The best method to ensure pupils' participation in classroom teaching is the judicious use of questioning techniques. Very often teachers feel that if they tell something, the pupils grasp it. But this is not true.
A pupil may be staring at the teacher's face; but his mind may be elsewhere. However, if the teacher poses questions and ask the pupils to answer, they have to focus their attention on the lesson. But questioning has to be done thoughtfully, if the desired results have to be achieved. Questioning can be used in the classroom for various purposes.
Eliciting information (prior learning/ depth of assimilation)
Consolidating the ideas in the lessons already handled
Logical development of the lesson
Probing into difficulties of the pupils
Forcing the class to think
Rousing curiosity and interest
Feedback to measure success of teaching
Evaluation of pupils
The teacher should follow right strategies in questioning
Precise, simple wording
Plan and prepare main questions in advance. Supplementary questions will have to be framed then and there depending on pupils' responses
Pose, pause, point. The 3-P style is important. The teacher should first pose the question, and pause for a few seconds for allowing the entire class to think of the possible answers. This develops collective thinking in the classroom. After the pause, the teacher can point a particular pupil to answer the question. If the teacher first points a pupil and then poses the question, other pupils will ignore the question under the impression that the responsibility of answering vests with the pupil who stands selected by the teacher. This beats the very objective of questioning. So also, if the teacher poses a question, points a pupil, and then goes on saying “Next, Next, Next” pointing the neighbouring pupils, those sitting in other parts of the classroom will not apply their minds to answering the question.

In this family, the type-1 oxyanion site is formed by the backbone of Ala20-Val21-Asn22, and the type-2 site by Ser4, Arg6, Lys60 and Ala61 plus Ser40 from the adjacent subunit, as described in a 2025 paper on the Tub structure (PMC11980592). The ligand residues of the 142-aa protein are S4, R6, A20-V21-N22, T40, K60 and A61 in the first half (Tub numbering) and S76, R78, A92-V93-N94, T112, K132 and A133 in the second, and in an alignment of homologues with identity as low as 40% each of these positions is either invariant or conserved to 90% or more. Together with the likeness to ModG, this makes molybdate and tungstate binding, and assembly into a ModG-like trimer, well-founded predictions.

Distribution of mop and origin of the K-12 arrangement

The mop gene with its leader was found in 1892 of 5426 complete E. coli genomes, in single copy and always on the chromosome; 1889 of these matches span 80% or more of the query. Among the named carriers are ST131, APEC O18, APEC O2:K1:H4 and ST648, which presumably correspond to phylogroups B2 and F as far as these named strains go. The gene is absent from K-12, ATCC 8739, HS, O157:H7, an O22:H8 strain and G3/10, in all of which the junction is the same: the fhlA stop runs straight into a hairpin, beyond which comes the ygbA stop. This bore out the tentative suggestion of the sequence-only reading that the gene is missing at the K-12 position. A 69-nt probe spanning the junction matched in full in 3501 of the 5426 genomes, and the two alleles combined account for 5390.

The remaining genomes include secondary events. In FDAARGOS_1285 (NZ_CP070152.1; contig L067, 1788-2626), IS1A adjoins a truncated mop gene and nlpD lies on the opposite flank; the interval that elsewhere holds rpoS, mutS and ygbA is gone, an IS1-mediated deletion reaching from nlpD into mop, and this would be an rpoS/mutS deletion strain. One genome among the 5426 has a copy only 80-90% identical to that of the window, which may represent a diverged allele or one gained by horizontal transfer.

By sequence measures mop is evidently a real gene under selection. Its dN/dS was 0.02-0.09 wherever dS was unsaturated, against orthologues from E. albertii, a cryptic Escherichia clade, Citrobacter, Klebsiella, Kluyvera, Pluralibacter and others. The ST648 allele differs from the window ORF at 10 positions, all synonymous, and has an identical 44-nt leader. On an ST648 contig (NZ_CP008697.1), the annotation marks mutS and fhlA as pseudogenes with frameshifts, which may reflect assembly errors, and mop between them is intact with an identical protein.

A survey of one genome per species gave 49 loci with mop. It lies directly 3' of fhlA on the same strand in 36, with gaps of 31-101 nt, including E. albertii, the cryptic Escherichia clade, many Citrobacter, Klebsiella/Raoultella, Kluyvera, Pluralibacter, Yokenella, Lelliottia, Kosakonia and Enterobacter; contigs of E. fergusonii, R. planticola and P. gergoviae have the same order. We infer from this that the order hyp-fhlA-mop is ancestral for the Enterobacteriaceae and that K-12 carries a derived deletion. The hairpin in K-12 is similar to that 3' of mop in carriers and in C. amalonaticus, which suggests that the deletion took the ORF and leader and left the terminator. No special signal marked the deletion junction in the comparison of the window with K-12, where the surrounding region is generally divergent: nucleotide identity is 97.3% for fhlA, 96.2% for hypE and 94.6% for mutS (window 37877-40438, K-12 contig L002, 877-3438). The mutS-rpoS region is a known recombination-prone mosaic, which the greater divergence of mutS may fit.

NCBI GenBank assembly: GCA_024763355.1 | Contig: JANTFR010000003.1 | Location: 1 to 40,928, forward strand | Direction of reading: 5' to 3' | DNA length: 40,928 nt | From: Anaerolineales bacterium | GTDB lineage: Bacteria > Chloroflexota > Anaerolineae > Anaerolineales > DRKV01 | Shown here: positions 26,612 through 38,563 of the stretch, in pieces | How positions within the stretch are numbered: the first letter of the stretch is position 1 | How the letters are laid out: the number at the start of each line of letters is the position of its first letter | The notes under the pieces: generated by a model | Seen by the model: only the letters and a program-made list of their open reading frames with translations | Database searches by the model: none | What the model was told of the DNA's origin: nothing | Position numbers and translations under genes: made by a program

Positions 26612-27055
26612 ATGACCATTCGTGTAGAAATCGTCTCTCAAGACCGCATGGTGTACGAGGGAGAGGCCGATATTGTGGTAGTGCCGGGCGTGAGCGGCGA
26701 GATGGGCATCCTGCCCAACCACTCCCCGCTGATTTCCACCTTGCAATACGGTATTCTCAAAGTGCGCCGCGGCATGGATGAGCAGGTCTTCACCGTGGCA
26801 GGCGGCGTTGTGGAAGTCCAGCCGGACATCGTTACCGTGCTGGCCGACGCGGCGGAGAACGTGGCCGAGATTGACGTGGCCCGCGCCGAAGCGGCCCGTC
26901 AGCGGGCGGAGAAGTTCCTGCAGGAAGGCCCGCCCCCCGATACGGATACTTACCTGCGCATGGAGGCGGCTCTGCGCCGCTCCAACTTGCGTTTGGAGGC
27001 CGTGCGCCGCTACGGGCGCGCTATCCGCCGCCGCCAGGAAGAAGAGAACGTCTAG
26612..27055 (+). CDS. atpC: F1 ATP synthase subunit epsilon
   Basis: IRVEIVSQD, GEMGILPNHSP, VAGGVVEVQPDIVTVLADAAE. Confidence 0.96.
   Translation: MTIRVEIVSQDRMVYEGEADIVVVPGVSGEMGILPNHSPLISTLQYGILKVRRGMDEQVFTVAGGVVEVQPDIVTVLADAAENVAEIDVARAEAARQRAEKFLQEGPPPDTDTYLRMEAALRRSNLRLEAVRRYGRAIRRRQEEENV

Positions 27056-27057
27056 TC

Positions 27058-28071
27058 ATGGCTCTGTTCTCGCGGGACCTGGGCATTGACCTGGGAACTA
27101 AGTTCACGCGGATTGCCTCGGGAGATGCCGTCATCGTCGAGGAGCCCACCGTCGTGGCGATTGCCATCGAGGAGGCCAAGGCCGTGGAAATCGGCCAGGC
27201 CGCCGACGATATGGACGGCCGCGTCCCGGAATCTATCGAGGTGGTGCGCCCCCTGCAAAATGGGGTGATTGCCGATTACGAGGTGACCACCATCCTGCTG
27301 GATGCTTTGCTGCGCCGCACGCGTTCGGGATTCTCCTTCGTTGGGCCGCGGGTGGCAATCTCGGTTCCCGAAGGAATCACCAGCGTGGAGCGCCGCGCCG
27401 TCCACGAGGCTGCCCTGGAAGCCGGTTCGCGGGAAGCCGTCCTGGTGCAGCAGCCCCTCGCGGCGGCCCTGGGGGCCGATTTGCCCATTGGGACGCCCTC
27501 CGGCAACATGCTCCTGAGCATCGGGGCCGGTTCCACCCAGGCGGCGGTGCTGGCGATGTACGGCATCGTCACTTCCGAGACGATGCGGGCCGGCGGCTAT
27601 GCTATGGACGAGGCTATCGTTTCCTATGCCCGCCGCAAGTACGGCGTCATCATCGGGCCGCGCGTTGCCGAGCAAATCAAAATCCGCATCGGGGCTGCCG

Do not use yes / no type of questions. Either answer has 50 per cent probability to be right. The pupils would blindly guess and give an answer.
Do not pose a question with several good answers. There should be only one correct answer.
Do not ask open-ended questions like “What do you know about the independence struggle in India?”
Avoid vagueness in questions. The phrases should have clarity. There should be no ambiguity. If the pupil requests clarification on the substance of the question, give it straightaway. You may rephrase the question. But do not make sudden jumps in a hurry. Always give time for thinking.
Do not ask a student several questions in a sequence
Do not ask questions which require long answers
When a pupil gives the right answer, the teacher should repeat it for the benefit of those who have not heard it properly.
Do not accept unsolicited answers. Some bright students may stretch their hands, volunteering to answer. If the teacher accepts such answers, other pupils will stop thinking.
Distribute the questions evenly among the pupils. Never leave out slow learners. If necessary, use elliptical questions for slow learners. They may have to fill in only a gap of one or two words. The teacher would have given the major part of the answer in the question itself.
Correct wrong answers
Avoid tricky / very hard questions. Not a television quiz programme.
Give due credit for right answers. Comment, “Aha, that's a fine idea”, “Could you improve the answer?''
Avoid expressions like “Can anyone tell me?”, “What rubbish?”, “Are you working hard?”.
Never use questions as a tool for punishment, or to silence an erring student
Encourage reverse questions. Pupils should feel free to raise doubts or seek clarification at any stage.